Our 13 year old and this parrot were captivated by each other. The parrot flew to him no matter what end of the enclosure he stood at. Our guess is, he loved the red t-shirt.

The large bird enclosure housed a pair of stunning black cockatoo's but it was this little guy that stole our hearts.

A large gully flows straight through the centre of the park, it was quite dry there during our visit.

Our 10 year old could've spent hours here and probably would've liked to take a few of these guys home. She has mentioned a few times about becoming zoo keeper at some point and after leaving she was quite clear that she would like to work with the roo's.

By far the favourite stop was with the free roaming kangaroos. They spent most of their time lazing around in the shade of a tree as it was quite a warm afternoon. That was of course until someone came along with food.

Aww mum, he's so cute when he holds my hand.

It took our 6 year old a little while to warm up and have a go at feeding, he was somewhat concerned about being bitten and scratched. We eventually were able to persuade him that it was a relatively safe activity if he remembered that they were still wild animals and he needed to act appropriately. He instantly fell in love also, when this little guy held his hands each time he took food from him.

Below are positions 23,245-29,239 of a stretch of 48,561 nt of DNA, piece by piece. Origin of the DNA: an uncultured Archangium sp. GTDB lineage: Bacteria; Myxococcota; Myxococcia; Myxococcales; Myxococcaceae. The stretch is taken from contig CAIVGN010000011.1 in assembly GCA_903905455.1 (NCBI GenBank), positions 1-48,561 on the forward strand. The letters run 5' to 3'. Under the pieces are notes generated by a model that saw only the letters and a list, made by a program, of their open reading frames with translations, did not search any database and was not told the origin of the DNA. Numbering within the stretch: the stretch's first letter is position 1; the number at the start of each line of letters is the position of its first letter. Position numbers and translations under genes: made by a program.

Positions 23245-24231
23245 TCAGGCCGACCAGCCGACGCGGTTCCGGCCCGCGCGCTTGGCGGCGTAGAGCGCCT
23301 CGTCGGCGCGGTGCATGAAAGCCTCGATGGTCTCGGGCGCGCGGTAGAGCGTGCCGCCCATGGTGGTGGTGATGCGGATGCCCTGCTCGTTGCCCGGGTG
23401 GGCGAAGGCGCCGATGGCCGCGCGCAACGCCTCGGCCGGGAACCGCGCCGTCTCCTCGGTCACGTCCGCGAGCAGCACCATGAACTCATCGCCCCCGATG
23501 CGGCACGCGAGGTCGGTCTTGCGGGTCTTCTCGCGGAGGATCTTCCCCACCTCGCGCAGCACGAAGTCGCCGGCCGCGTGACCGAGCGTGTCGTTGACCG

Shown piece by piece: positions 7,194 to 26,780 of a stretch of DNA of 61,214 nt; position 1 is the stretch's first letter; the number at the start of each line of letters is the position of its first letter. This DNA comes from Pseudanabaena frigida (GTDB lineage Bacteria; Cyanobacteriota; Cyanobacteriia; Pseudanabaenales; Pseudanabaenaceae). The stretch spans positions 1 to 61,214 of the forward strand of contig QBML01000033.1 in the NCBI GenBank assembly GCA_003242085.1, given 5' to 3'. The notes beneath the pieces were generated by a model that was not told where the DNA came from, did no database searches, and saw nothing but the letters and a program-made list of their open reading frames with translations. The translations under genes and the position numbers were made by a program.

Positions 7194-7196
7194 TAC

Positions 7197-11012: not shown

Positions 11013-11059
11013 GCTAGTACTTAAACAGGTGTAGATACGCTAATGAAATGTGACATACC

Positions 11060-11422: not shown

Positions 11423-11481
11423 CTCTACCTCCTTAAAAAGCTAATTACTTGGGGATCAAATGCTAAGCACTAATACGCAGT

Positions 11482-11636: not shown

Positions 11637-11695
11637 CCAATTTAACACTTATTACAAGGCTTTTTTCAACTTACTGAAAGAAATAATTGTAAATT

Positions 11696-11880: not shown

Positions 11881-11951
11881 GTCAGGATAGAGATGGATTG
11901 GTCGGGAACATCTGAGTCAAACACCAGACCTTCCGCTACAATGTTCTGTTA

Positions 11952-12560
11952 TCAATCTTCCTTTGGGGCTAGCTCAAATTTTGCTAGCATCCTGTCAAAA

The park was well laid out and very easy to get around. There is a small cafe and gift shop at the entrance/exit of the park. We were actually surprised at the large number of international tourists here but later realised when we visited Sovereign Hill as to why. We were able to obtain a family pass to enter the park for $78.50. We had pretty much walked the entire park in just under 3 hours, but you could just as easily spend 4 or 5 hours here if you wanted to take in a number of keeper presentations. Visit the Ballarat Wildlife Park website to plan your trip. We were very glad to have included this in our stay at Ballarat.

In simple pleasures you will find life treasures,
Kylie xx